Molecular gastronomy (not the after-effect of eating too many black bean, spicy sausage and cheese nachos) is a scientific discipline that studies the physical and chemical processes that occur while cooking. Wonder what it tastes like? Find out in this seven-part series.
Inspiration from last week's coco jelly, mango compote and chantilly recipe outcome quickly disappeared when trying to find, Get 27, a French (surprise!) liquor with mint used as an apéritif or in cocktails. With that ingredient still M.I.A., a new recipe, sparkling soft toffees, is the next FoodLab 2010 experiment. Sparkling sounds fun...right? Right?
Recipe 3: Sparkling Soft Toffees
According to the brochure from Cuisine Innovation, effervescence occurs when an acid is set into contact with sodium bicarbonate. An evolution of gas is observed. Being a base, sodium bicarbonate reacts with an acid, here the citric acid, within the aqueous medium constituted by saliva.
Or, to translate, the sparking part happens taste-wise when food meets drool.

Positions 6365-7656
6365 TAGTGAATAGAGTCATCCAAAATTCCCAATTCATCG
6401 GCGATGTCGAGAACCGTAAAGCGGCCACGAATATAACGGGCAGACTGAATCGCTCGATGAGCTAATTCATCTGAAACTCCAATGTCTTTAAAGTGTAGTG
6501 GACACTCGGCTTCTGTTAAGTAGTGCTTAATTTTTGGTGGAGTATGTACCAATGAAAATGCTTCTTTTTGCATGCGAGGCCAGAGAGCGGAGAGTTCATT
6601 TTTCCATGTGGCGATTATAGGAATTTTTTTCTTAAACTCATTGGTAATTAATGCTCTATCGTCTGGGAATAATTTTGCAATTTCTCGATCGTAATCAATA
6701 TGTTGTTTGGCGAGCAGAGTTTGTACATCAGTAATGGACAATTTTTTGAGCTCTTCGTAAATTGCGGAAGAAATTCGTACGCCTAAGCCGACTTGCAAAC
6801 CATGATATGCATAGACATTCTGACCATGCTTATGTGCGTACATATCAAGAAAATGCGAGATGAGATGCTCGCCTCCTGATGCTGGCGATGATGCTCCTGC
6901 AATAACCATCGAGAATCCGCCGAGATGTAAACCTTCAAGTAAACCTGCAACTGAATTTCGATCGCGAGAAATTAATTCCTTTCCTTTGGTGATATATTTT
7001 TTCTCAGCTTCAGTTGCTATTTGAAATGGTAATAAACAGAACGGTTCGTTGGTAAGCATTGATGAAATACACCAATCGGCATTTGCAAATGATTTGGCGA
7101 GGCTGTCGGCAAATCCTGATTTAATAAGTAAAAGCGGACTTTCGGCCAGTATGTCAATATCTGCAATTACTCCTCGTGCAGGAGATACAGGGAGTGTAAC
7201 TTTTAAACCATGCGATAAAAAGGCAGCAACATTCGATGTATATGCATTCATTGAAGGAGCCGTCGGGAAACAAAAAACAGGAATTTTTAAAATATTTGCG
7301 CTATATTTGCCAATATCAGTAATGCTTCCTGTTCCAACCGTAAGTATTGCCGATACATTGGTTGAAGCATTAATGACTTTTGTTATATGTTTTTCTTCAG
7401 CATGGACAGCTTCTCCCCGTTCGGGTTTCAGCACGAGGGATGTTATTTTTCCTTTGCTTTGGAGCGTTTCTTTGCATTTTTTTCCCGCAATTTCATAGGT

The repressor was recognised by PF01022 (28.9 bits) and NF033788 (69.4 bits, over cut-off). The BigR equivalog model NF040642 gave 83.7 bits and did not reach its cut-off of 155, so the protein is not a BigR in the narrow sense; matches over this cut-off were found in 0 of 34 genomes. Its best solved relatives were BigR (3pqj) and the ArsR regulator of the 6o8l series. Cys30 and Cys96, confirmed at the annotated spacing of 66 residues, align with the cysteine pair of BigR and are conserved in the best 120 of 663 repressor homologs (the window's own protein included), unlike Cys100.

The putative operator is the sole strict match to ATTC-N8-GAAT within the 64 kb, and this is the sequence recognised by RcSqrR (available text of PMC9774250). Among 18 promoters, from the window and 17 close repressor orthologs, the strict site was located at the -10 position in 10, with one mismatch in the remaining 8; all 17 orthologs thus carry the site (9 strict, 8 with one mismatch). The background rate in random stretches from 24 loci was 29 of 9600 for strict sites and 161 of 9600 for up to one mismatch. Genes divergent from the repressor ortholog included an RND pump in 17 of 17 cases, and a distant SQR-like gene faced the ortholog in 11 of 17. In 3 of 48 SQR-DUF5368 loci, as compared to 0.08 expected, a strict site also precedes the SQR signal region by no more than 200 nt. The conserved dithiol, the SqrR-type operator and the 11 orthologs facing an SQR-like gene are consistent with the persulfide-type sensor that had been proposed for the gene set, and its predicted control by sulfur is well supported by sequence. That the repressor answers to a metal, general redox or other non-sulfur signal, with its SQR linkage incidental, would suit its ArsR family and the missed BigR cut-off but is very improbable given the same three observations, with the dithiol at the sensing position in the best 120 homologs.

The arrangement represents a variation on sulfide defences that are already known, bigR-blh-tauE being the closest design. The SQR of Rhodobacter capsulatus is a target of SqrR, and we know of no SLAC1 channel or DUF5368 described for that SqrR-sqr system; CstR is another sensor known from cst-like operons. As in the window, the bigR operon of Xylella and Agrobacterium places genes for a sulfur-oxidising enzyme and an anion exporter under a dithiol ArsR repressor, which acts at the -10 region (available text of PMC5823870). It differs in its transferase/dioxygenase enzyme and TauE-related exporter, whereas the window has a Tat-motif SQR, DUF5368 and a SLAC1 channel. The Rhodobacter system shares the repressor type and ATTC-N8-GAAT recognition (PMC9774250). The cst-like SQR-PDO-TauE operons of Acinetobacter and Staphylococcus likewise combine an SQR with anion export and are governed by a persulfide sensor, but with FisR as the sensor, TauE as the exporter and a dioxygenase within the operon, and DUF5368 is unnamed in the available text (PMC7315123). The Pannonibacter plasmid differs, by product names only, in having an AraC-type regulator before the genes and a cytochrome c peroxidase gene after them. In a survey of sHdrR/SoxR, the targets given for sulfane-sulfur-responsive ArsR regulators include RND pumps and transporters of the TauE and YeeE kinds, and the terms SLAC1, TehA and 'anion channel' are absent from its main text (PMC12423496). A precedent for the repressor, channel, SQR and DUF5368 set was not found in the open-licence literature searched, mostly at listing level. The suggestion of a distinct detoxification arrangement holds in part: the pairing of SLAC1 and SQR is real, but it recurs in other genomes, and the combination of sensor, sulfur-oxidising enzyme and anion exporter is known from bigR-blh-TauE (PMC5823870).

Tools and Ingredients:
Apart from the sodium bicarbonate and citric acid already in the kit, the only other ingredients are icing sugar (confectioners sugar or extra-fine sugar) and a packet of soft toffees (or, in this case, caramels.)
The Process and Outcome:
The process was easy, but once again, Cuisine Innovation's measuring spoon silliness (smidgen, pinch and dash - seriously, this is supposed to be scientific?) and a crazy conversion table (a smidgen of sodium bicarbonate is different from a smidgen of citric acid) made the process tedious. After the powder was made, rolling the caramels around in it was a cinch.
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What About the Sparkle?
Was there a sparkling taste when food met drool? Hardly. The experience was more like tossing a handful of Lemon Lime Alka-Seltzer tablets in your maw -- cue watery eyes, grimace, and hunch-over -- and that was before biting into the caramel, which made the sickening situation continue in slow motion. Ugh.
FoodLab 2010 Report Card: Sparkling Soft Toffees Food Grade: D Science Grade: C
Drop by next week for another adventure of FoodLab 2010, or The French Are Trying to Kill Us, Please Tell Our Embassy.